After its proven success in the UK, LifestyleGarden became widely available and is now sold in more than 40 countries with showrooms in the UK, Majorca and Vietnam with one soon to be opened in Miami. Interestingly when it comes to trends in retail the UK is slightly behind the other countries. “The UK is much more traditional,” says James. “Traditional wicker designs are still prevalent in our marketplace, but I think they’re taking a bit of a sidestep for more contemporary designs, which in the rest of Europe they’ve been doing for three or four years.”

As well as the LifestyleGarden showroom in Essex, the company also has a nearby warehouse and distribution centre and is looking to increase sites further. “We’ve been wanting to do this for many years,” says Paul. “For the upcoming season, stock on the floor is going to be key. We understand that committing to stock in volume is difficult, so will support our partners as best as we can, by holding local and global stock where possible, for top up and additional orders.”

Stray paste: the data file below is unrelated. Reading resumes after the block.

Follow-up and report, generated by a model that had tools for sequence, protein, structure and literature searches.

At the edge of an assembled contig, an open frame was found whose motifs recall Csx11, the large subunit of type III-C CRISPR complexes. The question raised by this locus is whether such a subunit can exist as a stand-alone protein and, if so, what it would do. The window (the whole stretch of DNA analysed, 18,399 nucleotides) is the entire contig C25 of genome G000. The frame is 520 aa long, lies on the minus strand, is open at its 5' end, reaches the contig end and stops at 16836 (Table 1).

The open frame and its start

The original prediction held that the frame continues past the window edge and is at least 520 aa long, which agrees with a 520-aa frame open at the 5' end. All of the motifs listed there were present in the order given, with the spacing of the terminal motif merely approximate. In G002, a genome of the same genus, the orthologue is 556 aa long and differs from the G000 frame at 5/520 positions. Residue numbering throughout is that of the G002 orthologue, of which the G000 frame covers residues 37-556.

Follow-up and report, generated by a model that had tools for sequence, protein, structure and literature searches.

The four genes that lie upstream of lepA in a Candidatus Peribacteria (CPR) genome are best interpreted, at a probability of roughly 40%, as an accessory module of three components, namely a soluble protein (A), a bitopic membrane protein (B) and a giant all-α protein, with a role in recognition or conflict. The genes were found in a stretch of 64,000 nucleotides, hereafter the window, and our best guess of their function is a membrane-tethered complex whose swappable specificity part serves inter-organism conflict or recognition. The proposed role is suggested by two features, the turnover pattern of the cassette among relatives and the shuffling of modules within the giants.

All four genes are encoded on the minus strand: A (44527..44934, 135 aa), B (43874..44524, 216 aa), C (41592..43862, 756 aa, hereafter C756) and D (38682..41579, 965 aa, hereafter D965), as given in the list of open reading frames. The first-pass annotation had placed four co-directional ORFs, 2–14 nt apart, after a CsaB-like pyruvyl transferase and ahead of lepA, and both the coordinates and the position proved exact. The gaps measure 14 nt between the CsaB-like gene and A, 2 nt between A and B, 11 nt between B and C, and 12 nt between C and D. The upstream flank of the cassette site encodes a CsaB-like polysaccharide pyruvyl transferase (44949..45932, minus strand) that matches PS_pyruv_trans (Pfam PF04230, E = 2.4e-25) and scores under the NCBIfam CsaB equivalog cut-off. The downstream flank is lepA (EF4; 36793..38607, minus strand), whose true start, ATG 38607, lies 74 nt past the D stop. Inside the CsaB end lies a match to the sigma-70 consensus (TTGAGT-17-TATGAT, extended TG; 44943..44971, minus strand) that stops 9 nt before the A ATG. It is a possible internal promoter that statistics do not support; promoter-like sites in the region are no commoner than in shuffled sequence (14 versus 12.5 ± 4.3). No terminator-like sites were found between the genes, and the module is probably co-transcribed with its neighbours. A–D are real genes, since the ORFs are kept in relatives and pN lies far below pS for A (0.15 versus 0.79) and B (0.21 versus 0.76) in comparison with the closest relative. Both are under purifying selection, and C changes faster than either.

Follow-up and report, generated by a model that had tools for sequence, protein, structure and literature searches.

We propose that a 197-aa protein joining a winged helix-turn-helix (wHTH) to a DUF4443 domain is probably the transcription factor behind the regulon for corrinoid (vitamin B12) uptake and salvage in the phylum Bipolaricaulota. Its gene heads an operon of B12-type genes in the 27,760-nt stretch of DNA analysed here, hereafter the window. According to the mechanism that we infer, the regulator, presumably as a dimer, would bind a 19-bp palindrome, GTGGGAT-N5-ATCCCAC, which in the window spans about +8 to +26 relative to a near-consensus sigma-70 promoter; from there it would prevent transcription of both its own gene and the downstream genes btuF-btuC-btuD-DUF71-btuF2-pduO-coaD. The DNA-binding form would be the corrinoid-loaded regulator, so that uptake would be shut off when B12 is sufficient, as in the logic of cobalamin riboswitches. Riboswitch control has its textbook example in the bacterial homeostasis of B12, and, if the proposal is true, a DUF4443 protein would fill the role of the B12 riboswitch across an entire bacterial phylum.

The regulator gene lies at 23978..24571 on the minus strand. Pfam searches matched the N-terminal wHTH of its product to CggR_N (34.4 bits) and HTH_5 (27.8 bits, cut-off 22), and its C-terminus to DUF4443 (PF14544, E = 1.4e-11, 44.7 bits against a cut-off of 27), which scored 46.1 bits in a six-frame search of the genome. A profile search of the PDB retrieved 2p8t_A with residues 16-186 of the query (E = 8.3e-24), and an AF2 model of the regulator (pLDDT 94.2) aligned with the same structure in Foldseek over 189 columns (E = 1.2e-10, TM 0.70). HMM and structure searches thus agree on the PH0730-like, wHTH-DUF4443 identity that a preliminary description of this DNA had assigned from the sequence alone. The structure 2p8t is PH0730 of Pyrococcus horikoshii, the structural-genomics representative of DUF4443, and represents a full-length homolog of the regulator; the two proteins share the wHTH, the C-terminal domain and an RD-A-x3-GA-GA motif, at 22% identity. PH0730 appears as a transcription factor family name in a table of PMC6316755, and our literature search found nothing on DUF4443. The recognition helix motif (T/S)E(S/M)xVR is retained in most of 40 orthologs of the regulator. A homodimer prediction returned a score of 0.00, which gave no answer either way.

One of the company’s mantras is ‘Doing Business The Right Way’ and this runs through its workings like the words in a stick of rock. Every part of the manufacturing process, whether it be raw materials such as aluminium or packaging for the end consumer, is scrutinised so each step can be fully understood and practiced in the most ethical and sustainable way. And its staff and local communities too are treated with respect and care. For example, the company not only supports various charities in Vietnam but it also helps it workers. Throughout the covid pandemic, when the factories closed, workers continued to be paid and given their promised meals and health care.

To enable it to continue this high level of sustainability ScanCom is a signatory of several United Nations pacts including the UN Global Compact Network to help businesses eradicate poverty and reduce inequalities through sustainable development and the UN Sustainable Development Goals of which there are 17.

Paul explains that ScanCom has been working for more than three decades on its sustainability credentials. “Major retailers have to be sure they’re buying from a reliable and trustworthy source. In the late nineties there was a lot of vocal protests and newspaper articles about illegal logging in Vietnam, Cambodia and the surrounding areas so ScanCom decided the only way it could survive was if it worked to show its was doing everything the right way. We’re audited nearly every day by someone so we have to make sure it’s always right.”